Macronutrient Requirements for Older Adults

Aging affects:
- Body weight decreases (or increases)
- Lean body mass decreases
- Body fat increases

Changes in the body influence nutrient metabolism and the nutrient requirements. Malnutrition is high; especially protein and micronutrient deficencies (vitamins and supplements).

Nutrition needs have to factor in:
- age related biological changes (body changes, illness, etc)
- socioeconomic changes (decrease money, living in nursing home with limited food options, etc)
- decreased food intake (not that hungry, food not appealing)
- sedentary lifestyle
- decrease in energy expenditure (weight gain from lack of exercise)

Nutrition Starting Point: Dietary Reference Intake Guide (DRI)
A fabulous site to utilize is the United States Department of Agriculture

The USDA has links for everyone and all sorts of food and health related topics. To access the DRI Table for people age 51+ please see the following link:

** Please keep in mind that Dietary Reference Intake (DRI) Tables are for HEALTHY people; those with medical conditions may need additional interpretation. **

Energy is physical activity and involuntary activity (respiratory/circulation/body functions). Energy is based on resting, physical activity, and food types. Energy comes from:
* Carbohydrates
* Protein
* Fat

Maintaining Weight
Food eaten = energy expelled

To monitor food intake and energy you can use the EER (Estimated Energy Requirement) tool. The US Department of Health and Human Services has an excellent site:

Please understand that "...older adults require less energy to MAINTAIN their weight, BUT their nutrient needs STAY THE SAME, and in some cases INCREASE." (Bernstein, 2010, pg 46)

A great indicator is to use the MyPyramid for older adults, it is different than the Food Guide Pyramid for younger adults.

The pyramid provides several options for exercise levels and food intake.

So many people want to cut carbs, STOP IT!! Carbs come from starch and fiber (complex carbs) and sugar (simple carbs). Carbohydrates provide energy to the brain and nervous system (incase you didn't know this.....the brain lives on 90% carbs which is why you feel brain-dead when you don't have enough).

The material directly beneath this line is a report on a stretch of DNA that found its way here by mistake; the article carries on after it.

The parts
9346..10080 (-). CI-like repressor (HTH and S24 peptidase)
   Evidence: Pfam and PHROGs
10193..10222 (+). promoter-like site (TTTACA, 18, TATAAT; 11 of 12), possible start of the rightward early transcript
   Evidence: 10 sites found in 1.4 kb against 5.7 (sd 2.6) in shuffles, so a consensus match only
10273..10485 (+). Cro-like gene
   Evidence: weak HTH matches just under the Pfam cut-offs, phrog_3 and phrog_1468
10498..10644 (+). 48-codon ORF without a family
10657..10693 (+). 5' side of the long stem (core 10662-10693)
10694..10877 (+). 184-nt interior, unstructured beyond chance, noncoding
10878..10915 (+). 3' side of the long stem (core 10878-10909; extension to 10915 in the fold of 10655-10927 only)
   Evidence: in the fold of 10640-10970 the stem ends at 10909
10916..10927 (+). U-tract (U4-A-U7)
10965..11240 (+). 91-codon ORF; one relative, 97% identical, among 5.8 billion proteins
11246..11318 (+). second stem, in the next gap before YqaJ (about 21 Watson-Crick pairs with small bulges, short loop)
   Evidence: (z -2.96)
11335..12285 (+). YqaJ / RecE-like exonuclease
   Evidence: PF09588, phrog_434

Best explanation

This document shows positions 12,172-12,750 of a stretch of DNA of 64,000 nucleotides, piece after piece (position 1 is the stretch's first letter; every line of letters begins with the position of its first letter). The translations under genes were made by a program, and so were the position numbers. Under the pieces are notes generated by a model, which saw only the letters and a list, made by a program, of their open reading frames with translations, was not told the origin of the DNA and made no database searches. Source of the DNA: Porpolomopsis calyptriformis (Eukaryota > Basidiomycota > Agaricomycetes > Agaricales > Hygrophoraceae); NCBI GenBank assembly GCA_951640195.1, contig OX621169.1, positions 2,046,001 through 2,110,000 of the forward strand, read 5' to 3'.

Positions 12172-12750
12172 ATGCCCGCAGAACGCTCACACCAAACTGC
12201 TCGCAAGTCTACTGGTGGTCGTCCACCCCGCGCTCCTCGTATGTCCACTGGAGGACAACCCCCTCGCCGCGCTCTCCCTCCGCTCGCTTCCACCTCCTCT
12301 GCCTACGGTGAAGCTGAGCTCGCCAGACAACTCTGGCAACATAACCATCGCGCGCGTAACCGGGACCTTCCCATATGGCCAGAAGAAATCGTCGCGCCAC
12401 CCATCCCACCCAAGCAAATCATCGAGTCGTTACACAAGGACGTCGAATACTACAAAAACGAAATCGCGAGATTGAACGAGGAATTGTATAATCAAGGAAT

Carbs are a VERY IMPORTANT part of the daily diet. Don't believe me? Check out this link and use Google to do some research of your own.

45-65% of daily diet should be carbohydrates

Examples of carbs:
- fruit
- vegetables
- legumes
- grains

See the following link for specifics (I am a huge fan of the Lance Armstrong foundation, they do great research!!):
Dietary fiber is the portion of the plant that we cannot break down (remember that age old saying about Celery being the colon's toothbrush? This is similar). Benefits to fiber:

* Relieves constipation
* Absorbs water, keeping our bodies hydrated longer
* Fiber moves slow through the body, helping the body to absorb nutrients better and manager our sugar intake - this is EXTREMELY BENEFICIAL for people who have Diabetes I or II.
** Appetite suppressant so be careful; people who are already too skinny or have an eating disorder should watch their fiber intake closely.

Recommended Amounts and Food Examples

Women: 50+ Men 50+
14 - 14.4g 17.5 - 18.5g

- Wheat bran
- Whole grain breads
- Cereal
- Vegetables

Fat is very important in the diet; without fat - fat soluble vitamins are not absorbed (Vitamins, A, D, E, K). Fat regulates the body's temperature (keeping you warm or cooling you off), fat acts as an insulator for your internal organs (reduces bruising and damaging), and fat is a hormone regulator. Our body's need fat in order to survive. When people talk about Good cholesterol vs Bad cholesterol here is what they are talking about.....

Good cholesterol makes hormones, retains vitamin D, and makes bile to help with digestion.

Saturated fat: 8-10% daily
(animal fat: butter, cheese, fatty meats)
Polyunsaturated fat 10% daily
(nuts and seeds)
Monounsaturated fat 10-15% daily